Friday, September 17, 2010

Scene 23, Michael Meets the Lavery boys

Mostly, Michael would stay up late in the barn and tend to his woodworking. He was a passionate craftsman. He was more of an artist really, but he hated titles and pretension and insisted that his craft was merely a hobby.
On his hikes he would locate and collect burls to make into fine bowls, and tabletops to sell in town and in the city when they needed money.

Michael met the Lavery boys on one such trip he was making into Seattle.

His small craft was having a bit of engine trouble in the port of Langley, where it was docked.
Some friendly Irish lads offered to lend him a hand. The darker complected of the two was quiet and went by the name Daniel. The other, Joseph, was far more outspoken, had a rudy complection and a firm handshake. He spoke with Joseph while Daniel immediatly took to tinkering with the engine of Michaels small craft.
He was immediately intrigued with them, they said they were coming through on business, and he knew just what kind. He immediately pinned them for bootleggers based on the style of their craft and the way they were dressed. Also, their boat seemed a bit too weighted down to be carrying anything other then barrels of booze.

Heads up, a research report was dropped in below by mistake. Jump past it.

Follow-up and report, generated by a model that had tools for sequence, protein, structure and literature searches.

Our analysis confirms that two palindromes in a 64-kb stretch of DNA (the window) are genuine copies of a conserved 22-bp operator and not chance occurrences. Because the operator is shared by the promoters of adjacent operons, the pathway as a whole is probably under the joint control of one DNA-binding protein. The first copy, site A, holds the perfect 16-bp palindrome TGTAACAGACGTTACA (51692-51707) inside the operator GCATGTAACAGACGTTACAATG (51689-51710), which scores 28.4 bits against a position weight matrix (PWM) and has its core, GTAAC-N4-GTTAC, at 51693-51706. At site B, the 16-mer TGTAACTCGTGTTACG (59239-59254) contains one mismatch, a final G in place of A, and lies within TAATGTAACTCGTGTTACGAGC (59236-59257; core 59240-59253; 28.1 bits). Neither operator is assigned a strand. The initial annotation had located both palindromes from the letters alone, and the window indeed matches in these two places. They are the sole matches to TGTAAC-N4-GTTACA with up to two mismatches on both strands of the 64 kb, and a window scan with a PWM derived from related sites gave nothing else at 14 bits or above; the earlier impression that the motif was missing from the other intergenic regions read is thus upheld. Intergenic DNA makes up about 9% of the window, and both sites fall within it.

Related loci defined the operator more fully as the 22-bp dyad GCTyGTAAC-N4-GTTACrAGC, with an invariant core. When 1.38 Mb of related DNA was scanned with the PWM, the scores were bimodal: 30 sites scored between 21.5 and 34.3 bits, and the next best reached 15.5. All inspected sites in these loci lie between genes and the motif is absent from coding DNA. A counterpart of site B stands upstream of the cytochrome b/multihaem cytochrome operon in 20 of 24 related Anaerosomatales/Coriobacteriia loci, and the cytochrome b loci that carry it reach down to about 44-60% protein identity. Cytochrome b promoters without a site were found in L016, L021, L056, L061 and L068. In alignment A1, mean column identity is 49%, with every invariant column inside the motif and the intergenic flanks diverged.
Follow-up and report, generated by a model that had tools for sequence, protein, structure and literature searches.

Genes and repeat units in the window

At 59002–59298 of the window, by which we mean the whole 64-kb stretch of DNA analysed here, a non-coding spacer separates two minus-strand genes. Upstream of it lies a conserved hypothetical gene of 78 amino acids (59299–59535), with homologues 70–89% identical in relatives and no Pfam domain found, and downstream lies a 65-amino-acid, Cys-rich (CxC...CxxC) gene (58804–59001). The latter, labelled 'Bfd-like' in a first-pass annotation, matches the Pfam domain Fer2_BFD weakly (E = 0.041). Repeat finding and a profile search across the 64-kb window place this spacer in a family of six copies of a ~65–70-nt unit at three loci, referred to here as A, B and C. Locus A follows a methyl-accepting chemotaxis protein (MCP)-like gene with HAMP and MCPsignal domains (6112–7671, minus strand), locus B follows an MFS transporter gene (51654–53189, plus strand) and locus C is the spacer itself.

After working all morning to fix the problem without success, the boys offered to give him a lift into Seattle on their own craft since they were headed that way anyhow. After the time they had invested in helping him, he felt obliged to accept their kind offer, that and his family was in desperate need of some cash.
On the short trip across the Puget Sound they chatted like old friends.

Michael had an earnest but kind nature and told the lads that they were not as discreet about their business as they ought to be. He advised them to dress down, and carry fishing gear like crab pots on their boat, in plain sight so as not to arouse suspicion.
This of course was during their early years of rum running and they were grateful for his honesty. By the time they docked in the city Michael had given Daniel and Joseph his address, and invited them to come and visit the island any time they liked. He even offered to give them a barrel of his own homemade cider to try if they came.
As it turned out, the boys did visit when they had business out on Whidbey Island, and they found it to be a welcoming and lively place, especially in the summer when lots of folks were coming and going.

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